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# hplgit / physical-quantities Public

The PhysicalQuantity class made independent of K. Hinsen's ScientificPython package.

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# physical-quantities

The PhysicalQuantity class made independent of K. Hinsen's ScientificPython package. This class is very useful for computation involving numbers with units.

## Demo

```    >>> from PhysicalQuantities import PhysicalQuantity as p  # short hand
>>> distance1 = p('10 m')
>>> distance2 = p('10 km')
>>> total = distance1 + distance2
>>> total
PhysicalQuantity(10010.0,'m')
>>> total.convertToUnit('km')
>>> total.getValue()
10.01
>>> total.getUnitName()
'km'
>>> total = total.inBaseUnits()
>>> total
PhysicalQuantity(10010.0,'m')
>>>
>>> t = p(314159., 's')
>>> # convert to days, hours, minutes, and second:
>>> t2 = t.inUnitsOf('d','h','min','s')
>>> t2_print = ' '.join([str(i) for i in t2])
>>> t2_print
'3.0 d 15.0 h 15.0 min 59.0 s'
>>>
>>> e = p('2.7 Hartree*Nav')
>>> e.convertToUnit('kcal/mol')
>>> e
PhysicalQuantity(1694.2757596034764,'kcal/mol')
>>> e = e.inBaseUnits()
>>> str(e)
'7088849.77818 kg*m**2/s**2/mol'
>>>
>>> freeze = p('0 degC')
>>> freeze = freeze.inUnitsOf ('degF')
>>> str(freeze)
'32.0 degF'
>>>```

Run

``````pydoc PhysicalQuantities
``````

to see an overview of all the physical units and their notation supported by the `PhysicalQuantities` module.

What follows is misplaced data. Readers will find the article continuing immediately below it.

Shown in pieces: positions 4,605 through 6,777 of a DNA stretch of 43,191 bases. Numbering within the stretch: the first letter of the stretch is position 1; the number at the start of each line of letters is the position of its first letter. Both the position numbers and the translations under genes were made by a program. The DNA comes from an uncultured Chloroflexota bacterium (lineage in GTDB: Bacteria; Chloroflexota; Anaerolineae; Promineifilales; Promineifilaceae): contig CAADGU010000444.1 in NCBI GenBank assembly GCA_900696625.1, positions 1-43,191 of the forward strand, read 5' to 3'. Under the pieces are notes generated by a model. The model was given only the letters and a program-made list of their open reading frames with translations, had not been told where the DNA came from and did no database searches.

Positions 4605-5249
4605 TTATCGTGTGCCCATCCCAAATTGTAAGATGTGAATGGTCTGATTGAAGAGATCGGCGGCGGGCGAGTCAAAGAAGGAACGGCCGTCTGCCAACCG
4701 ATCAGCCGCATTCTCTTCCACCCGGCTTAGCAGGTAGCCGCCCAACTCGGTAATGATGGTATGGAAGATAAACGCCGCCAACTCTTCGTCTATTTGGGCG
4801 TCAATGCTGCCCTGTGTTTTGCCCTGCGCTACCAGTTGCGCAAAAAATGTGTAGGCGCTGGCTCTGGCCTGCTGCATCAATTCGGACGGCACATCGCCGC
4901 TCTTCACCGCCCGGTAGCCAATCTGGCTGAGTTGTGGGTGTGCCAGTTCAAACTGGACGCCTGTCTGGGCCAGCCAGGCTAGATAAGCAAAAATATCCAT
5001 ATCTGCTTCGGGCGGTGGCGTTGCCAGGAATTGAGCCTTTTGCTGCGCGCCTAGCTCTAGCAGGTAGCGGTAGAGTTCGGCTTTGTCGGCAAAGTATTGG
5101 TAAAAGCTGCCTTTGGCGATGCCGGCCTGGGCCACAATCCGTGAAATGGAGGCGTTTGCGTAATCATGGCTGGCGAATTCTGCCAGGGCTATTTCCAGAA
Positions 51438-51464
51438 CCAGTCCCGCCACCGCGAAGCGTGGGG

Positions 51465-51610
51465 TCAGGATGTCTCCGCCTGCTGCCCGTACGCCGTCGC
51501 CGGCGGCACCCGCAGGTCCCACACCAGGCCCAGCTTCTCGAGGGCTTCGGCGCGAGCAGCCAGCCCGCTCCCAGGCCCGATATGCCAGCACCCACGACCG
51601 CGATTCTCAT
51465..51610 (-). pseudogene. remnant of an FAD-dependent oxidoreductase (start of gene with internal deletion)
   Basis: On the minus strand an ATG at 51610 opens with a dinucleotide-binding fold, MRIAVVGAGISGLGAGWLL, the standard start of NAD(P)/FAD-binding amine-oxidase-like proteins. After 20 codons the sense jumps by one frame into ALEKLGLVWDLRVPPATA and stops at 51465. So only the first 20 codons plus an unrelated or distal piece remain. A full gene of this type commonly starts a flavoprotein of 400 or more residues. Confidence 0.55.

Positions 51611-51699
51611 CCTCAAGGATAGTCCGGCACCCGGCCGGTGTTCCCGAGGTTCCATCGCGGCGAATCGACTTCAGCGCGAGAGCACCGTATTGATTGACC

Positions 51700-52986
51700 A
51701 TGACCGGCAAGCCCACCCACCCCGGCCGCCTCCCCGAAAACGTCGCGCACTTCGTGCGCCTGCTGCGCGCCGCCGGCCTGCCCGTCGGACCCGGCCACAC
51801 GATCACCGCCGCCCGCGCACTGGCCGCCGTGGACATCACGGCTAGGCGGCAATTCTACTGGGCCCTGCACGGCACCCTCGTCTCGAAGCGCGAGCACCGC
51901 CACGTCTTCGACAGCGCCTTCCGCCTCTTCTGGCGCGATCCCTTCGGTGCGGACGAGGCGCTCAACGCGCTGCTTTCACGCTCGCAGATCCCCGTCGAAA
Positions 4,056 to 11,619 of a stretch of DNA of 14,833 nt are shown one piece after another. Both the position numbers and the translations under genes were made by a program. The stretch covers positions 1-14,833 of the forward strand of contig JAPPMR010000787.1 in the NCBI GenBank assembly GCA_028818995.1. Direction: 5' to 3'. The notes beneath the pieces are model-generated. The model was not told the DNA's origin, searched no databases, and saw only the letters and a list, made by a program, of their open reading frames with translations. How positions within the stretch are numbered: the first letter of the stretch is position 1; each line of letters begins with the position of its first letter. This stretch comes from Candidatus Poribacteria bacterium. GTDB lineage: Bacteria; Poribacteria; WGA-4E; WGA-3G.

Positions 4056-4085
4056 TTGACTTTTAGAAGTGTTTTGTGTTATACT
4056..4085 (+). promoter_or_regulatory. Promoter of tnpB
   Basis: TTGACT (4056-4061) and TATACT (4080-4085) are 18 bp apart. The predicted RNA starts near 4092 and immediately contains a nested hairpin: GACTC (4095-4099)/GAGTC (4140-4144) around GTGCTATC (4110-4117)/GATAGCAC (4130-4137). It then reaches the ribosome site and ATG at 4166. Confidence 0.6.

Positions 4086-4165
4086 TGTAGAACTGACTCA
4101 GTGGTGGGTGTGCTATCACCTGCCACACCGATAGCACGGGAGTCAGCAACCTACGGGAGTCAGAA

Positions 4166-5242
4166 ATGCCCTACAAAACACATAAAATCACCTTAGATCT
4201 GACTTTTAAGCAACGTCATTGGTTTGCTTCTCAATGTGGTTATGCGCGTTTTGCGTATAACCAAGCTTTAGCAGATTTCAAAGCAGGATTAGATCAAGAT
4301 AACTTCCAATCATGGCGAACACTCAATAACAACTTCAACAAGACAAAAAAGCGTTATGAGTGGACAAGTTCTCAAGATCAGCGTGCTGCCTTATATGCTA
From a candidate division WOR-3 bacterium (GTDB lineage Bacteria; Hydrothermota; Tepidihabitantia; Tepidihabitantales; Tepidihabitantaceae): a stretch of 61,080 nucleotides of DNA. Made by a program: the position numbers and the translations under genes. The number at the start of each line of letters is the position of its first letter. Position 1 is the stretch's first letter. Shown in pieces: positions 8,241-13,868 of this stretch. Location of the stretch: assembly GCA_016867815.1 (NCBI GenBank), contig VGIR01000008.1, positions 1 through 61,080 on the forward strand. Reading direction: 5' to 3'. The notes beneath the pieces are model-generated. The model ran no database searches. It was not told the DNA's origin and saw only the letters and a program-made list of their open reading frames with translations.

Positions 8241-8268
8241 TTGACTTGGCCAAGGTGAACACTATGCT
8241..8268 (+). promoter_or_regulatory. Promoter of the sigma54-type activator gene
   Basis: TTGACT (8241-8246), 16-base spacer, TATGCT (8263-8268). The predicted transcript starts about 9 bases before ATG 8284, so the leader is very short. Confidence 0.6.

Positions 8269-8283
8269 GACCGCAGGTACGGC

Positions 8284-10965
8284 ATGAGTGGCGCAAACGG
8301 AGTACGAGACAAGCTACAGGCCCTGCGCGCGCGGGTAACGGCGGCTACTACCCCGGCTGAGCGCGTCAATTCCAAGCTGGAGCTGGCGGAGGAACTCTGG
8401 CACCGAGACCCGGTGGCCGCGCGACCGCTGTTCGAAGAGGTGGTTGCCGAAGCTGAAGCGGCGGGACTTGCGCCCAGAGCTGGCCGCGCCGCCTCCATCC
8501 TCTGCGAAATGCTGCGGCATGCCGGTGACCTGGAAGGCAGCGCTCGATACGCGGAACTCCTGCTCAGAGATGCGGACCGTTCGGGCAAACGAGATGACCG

## Installation

``````sudo pip install  -e git+https://github.com/hplgit/physical-quantities.git#egg=physical-quantities
``````

Or

``````git clone https://github.com/hplgit/physical-quantities.git
cd physical-quantities
sudo python setup.py install
``````

## Note

The `PhysicalQuantities` module was developed by Dr. Konrad Hinsen and appears in the ScientificPython package. Unfortunately, ScientificPython requires NumPy version 1.8 or less, and that is why H. P. Langtangen made this `PhysicalQuantities` module independent of the ScientificPython package such that it is easy in any project to compute with units.

## Python 3 version

The `PhysicalQuantities.py` file in the present directory is for Python 2. There is an experimental Python 3 version in the subdirectory `py23`, which depends on the `future` package.

## About

The PhysicalQuantity class made independent of K. Hinsen's ScientificPython package.

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